# Why does work done ultimately culminate as wasted heat?

Come to think of it, the work done on a body is converted into some form of energy.But why is it that it ultimately tends to produce heat? In physics we all talk about energy dissipation in the form of heat,but why not electricity, or even light(somehow or the other it tends to form heat,exceptions barred).Why is thermal death,so prevalent a term for non usable energy, and not, say 'electrical death'?What specific mechanism, if any, exists to see to it that all energy is wasted as heat,and not as some other non usable form ?

• All forms of energy conversion are limited by thermodynamics, we just don't talk about that at the high school level of physics education because the necessary level of knowledge of the second and third law of thermodynamics can not be taught. For the conversion of sunlight to electricity, for instance, we can calculate a maximal thermodynamic efficiency of 95% based on a radiation temperature of sunlight of 5800K and a solar panel temperature of 300K. In the general case one always has to take the temperatures of the systems into account that store the different forms of energy. – CuriousOne Mar 2 '16 at 19:34
• Heat can be converted to do other work. en.wikipedia.org/wiki/Steam_engine – Řídící Mar 2 '16 at 20:03
• Sure it can be,but my question is that why is heat a major form of relased energy in so many processes – Abhinav Mar 2 '16 at 21:45

1. Heat means collisions.

2. Energy can be dissipated by radiation (light or photons). The coined term is "radiative losses". It is a very important source of losses for circular beam accelerators (or any sort of device accelerating charged particles, say an antenna) and for spacecraft re-entering the atmosphere before crashing/landing on Earth. A very import notion regarding radiatives losses it that of black bodies. A human body dissipates more energy through radiation as a black body (to keep its temperature at 37°C) than by doing work (moving, talking, thinking, etc.).

Entropy is studied through statistical physics (from which can be derived thermodynamics as a limit case).

Transfer of momentum from particles can be considered as a random process with an uncertainty about how much momentum is transferred from one particle to another.

The transfer of momentum depends on the angle of collision, the momentum of particles colliding and the cross section of the collision. The cross section contains information about the physical interaction (hard spheres, coulomb force, etc.) that we call a collision.

Also the collisions between particles happens at such a small scale that quantum mechanical Heisenberg uncertainty theorem must be taken into account, meaning that we can't be sure how two particles will exactly exchange momentum.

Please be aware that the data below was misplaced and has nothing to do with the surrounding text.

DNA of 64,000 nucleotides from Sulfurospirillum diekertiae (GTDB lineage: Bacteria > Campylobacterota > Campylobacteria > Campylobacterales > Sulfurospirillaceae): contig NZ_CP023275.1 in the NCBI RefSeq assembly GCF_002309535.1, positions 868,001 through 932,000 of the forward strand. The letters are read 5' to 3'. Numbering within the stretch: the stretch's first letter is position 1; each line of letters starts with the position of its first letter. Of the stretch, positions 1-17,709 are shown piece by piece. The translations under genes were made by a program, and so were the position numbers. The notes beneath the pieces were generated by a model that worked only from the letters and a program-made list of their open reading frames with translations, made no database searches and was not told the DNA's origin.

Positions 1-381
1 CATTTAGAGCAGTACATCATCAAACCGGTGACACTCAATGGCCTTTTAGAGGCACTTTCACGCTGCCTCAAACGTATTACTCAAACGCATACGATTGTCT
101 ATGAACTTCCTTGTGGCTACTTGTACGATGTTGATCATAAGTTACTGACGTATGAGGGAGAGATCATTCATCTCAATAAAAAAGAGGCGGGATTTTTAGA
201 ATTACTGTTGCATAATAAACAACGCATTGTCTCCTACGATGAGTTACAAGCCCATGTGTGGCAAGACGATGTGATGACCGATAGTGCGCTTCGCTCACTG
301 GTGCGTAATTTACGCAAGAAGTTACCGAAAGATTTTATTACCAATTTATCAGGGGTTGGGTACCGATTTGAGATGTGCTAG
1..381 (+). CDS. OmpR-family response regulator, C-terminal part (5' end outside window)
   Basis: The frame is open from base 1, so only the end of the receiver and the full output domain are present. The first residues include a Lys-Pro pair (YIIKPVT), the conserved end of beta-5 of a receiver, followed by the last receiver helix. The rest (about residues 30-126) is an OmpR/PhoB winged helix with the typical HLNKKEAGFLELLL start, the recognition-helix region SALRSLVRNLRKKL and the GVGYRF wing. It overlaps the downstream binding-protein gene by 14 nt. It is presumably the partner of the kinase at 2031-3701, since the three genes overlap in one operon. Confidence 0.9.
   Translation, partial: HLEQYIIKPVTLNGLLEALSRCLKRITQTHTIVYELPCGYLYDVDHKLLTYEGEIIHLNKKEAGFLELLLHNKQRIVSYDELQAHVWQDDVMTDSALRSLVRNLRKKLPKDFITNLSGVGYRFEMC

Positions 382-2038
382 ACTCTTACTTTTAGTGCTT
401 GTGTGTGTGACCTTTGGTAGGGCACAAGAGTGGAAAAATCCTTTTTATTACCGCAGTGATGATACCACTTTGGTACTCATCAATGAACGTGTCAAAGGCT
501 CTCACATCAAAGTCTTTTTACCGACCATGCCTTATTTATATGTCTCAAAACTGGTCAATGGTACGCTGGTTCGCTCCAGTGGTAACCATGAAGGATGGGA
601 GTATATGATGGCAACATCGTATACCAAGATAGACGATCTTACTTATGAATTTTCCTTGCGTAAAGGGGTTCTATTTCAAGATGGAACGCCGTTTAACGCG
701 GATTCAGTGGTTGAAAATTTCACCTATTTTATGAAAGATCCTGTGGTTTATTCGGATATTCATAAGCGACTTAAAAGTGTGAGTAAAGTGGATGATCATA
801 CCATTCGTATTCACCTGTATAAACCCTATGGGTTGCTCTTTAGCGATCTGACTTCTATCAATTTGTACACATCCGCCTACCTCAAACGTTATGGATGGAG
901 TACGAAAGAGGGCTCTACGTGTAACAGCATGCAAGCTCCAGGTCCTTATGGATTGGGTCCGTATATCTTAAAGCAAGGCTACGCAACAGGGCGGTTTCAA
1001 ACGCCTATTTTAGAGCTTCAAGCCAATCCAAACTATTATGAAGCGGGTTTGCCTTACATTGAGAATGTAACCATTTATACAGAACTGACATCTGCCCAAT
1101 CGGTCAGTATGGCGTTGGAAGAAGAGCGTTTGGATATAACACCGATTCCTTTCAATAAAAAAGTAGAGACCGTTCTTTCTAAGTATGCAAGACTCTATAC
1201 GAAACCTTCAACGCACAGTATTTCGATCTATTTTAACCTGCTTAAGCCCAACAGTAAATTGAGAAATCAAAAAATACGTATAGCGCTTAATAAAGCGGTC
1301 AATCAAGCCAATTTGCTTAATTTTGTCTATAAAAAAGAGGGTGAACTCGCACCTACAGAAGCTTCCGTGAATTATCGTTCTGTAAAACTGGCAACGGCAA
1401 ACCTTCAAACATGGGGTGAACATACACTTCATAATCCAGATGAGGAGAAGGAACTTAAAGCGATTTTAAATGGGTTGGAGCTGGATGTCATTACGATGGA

All of this results in a spreading of the input energy given to a physical system among its many many components (1 mole = $$10^{23}$$ particles). That's what we call energy dissipation. To describe the state of a system we then use distributions of momentum, speed and energy (see Maxwell-Boltzmann distribution).

Entropy is the quantity that monitors the behavior of those distributions. Heat then describe a transformation of the distribution (displacement of the distribution mean, flattening of the distribution) that is allowed by how the entropy should evolve (2nd principle of Thermodynamics).

To sum up:

Heat <=> collision <=> random momentum transfer process + uncertainty about quantity of momentum exchanged => change in entropy + modification of the energy distribution <=> dissipation (or waste) of energy

• A small note: "heat means collisions" is certainly true when the only interactions are contact interactions, but if there are also long-range interactions present in the material, then heat can also be transferred without colliding, per se. – probably_someone May 23 '18 at 23:06
• Do you mean radiation by long range? Because then it is photon collisions (elastic or inelastic). One particular aspect of this sort of heat transfer is that they don't need a solid media to propagate and that makes them long-range in that sense. But eventually, if there is interaction, there is collision of photons with matter. And I have already mentioned this type of heat transfer in my answer... – A.G. May 29 '18 at 13:17

This can be attributed to the Second Law of Thermodynamics which talks of Entropy. Entropy is disorder. What is heat? Heat is in fact used to quantify entropy. For any process to occur, the entropy of the whole system must increase. That means the process should result in an ultimate increase in disorder - which can be thought of as an increase in temperature since this increase in disorder is the 'heat production' you talk of.

Heat is an internal form of energy. It is energy in transit, or in fact a means for transfer of energy. Don't get me wrong here - heat definitely is energy but I would prefer it being thought of as a vehicle rather than a store. The other vehicle being work.